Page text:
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Russian Idioms and Money

Гоняться за длинным рублём

Гоняться за длинным рублём” (Chasing the big money). Tак мы говорят о людях, которые хотят получить много денег, но без особого труда (this is how we talk about people who want to make a lot of money, but without working too much). Such people are, of course, badly perceived by the others, поэтому выражение имеет отрицательную оценочную окраску (and therefore the expression has a negative connotationgt;).

The word “рубль” (ruble) appeared in our language a very long time ago, around the 13th century. At that time, не было единых денег (there wasn’t a unique money) and trade was often made on exchanging various objects. Russian merchants mostly traded fur, and even parts of the animal could be used as money (paws, ears and muzzle).

But the best unit of exchange была гривна (was the grivna), украшение из серебра (a jewelry made of silver), which was worn around the neck. These grivna usually weighed 200 grams. But sometimes, it was necessary to cut it (normally in four) to get some small change. And it was not easy to cut it into four exact pieces. Если человеку досталась более длинная часть (so, when a man received a bigger part), the long part, ему, конечно, повезло (he was of course lucky).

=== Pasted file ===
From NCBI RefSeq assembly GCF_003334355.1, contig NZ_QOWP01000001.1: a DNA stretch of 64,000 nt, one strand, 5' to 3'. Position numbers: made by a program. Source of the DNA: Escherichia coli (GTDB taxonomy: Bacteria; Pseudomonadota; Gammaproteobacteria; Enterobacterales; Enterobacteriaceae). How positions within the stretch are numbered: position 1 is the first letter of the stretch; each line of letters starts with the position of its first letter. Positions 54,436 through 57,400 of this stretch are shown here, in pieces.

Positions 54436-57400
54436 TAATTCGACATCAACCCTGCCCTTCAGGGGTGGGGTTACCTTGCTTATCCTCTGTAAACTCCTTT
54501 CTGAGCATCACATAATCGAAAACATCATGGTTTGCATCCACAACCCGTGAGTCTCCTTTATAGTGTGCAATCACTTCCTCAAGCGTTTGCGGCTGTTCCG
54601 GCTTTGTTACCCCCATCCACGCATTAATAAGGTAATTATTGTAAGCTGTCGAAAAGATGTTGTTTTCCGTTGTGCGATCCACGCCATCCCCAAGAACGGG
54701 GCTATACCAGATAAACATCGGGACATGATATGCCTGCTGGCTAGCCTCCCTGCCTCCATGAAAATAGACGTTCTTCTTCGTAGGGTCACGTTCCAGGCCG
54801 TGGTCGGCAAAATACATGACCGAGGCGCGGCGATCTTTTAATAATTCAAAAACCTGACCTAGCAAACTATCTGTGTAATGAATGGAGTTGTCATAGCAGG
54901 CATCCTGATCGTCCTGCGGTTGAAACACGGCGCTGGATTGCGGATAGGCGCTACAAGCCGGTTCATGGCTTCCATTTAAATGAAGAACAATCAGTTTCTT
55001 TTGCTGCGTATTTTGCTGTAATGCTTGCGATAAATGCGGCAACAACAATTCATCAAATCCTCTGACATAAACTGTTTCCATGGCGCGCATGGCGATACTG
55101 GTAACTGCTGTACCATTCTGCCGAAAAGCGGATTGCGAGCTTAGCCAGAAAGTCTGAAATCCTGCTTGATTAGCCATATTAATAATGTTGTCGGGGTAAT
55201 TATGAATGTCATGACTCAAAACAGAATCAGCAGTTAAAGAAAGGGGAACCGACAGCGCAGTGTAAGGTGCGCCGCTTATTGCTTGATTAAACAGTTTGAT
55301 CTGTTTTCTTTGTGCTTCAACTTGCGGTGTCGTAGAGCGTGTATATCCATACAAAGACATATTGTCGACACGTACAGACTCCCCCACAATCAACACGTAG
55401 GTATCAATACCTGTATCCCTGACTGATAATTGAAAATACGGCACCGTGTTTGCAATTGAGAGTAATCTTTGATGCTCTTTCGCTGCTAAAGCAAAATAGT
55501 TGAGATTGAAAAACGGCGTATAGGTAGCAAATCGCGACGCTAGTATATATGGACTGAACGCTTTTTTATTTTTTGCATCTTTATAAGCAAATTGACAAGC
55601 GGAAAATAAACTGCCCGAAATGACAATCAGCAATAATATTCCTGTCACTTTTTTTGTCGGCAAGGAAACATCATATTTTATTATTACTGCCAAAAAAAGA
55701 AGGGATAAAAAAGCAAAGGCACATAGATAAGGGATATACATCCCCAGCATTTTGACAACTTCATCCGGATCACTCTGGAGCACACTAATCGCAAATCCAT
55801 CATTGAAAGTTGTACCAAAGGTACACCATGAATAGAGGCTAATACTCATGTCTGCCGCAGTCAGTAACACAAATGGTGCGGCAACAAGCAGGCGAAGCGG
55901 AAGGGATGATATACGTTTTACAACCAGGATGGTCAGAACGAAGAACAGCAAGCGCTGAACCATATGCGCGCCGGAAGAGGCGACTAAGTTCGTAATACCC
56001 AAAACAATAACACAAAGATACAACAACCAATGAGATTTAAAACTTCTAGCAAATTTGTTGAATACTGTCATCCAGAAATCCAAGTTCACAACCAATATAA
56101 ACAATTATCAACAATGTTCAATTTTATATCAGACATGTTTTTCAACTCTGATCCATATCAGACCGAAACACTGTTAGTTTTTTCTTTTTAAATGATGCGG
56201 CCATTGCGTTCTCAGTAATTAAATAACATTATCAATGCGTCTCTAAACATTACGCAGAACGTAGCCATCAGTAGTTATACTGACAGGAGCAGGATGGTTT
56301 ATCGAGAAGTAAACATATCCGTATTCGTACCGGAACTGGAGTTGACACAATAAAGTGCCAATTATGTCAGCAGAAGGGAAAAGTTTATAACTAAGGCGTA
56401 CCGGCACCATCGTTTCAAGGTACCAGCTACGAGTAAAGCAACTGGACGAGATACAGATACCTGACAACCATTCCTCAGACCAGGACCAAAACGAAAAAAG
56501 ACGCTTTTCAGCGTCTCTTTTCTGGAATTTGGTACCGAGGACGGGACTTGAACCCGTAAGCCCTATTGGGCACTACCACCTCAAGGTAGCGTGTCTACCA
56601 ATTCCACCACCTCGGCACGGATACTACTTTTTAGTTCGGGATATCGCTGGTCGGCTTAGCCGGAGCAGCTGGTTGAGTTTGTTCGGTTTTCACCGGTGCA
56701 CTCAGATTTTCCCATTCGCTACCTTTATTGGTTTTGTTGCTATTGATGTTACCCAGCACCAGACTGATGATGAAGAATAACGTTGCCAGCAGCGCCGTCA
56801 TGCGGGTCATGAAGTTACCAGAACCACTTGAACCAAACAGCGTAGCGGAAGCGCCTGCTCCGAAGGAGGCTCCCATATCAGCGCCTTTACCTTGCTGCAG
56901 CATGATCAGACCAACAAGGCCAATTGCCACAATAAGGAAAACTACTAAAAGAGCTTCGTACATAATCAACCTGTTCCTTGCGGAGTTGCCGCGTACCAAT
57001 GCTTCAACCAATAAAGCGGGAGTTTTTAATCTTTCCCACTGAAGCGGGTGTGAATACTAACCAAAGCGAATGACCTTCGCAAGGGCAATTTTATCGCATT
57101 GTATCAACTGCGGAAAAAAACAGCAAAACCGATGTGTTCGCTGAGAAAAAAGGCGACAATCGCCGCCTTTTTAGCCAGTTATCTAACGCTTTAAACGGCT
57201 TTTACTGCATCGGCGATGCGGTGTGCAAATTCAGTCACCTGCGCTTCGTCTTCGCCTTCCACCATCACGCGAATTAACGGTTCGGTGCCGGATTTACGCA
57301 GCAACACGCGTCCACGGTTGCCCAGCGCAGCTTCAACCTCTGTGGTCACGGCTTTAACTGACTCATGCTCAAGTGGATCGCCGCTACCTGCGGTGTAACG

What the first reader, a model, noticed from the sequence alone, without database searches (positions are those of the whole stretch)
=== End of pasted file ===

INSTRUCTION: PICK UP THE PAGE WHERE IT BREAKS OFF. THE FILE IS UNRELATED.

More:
Nowadays, no one cut silver or gold jewelry, but the expression has remained. In Russian, “гривна” refered to the unit of currency that was used in medieval Russia (grivna) and the basic monetary unit in nowadays Ukraine (hryvna).

Не получил ни полушки

Не получил ни полушки” (don’t receive a penny) can be said for a person who hasn’t been paid for his work, or if his business doesn’t go well. This expression is also associated with the ancient forms of exchanging goods. As we said above, the ear of some animals could play the role of money in the fur trade. But if the deal didn’t go well, then it was common to say, that the trader не получил даже половины ушка (didn’t received even half a ear), which means he didn’t received anything. The word “половины ушка” (half a ear) was then shorten to “пол ушка”, and later to “полушка” which designed a quarter-kopeck coin.

Тамара Мелентьева

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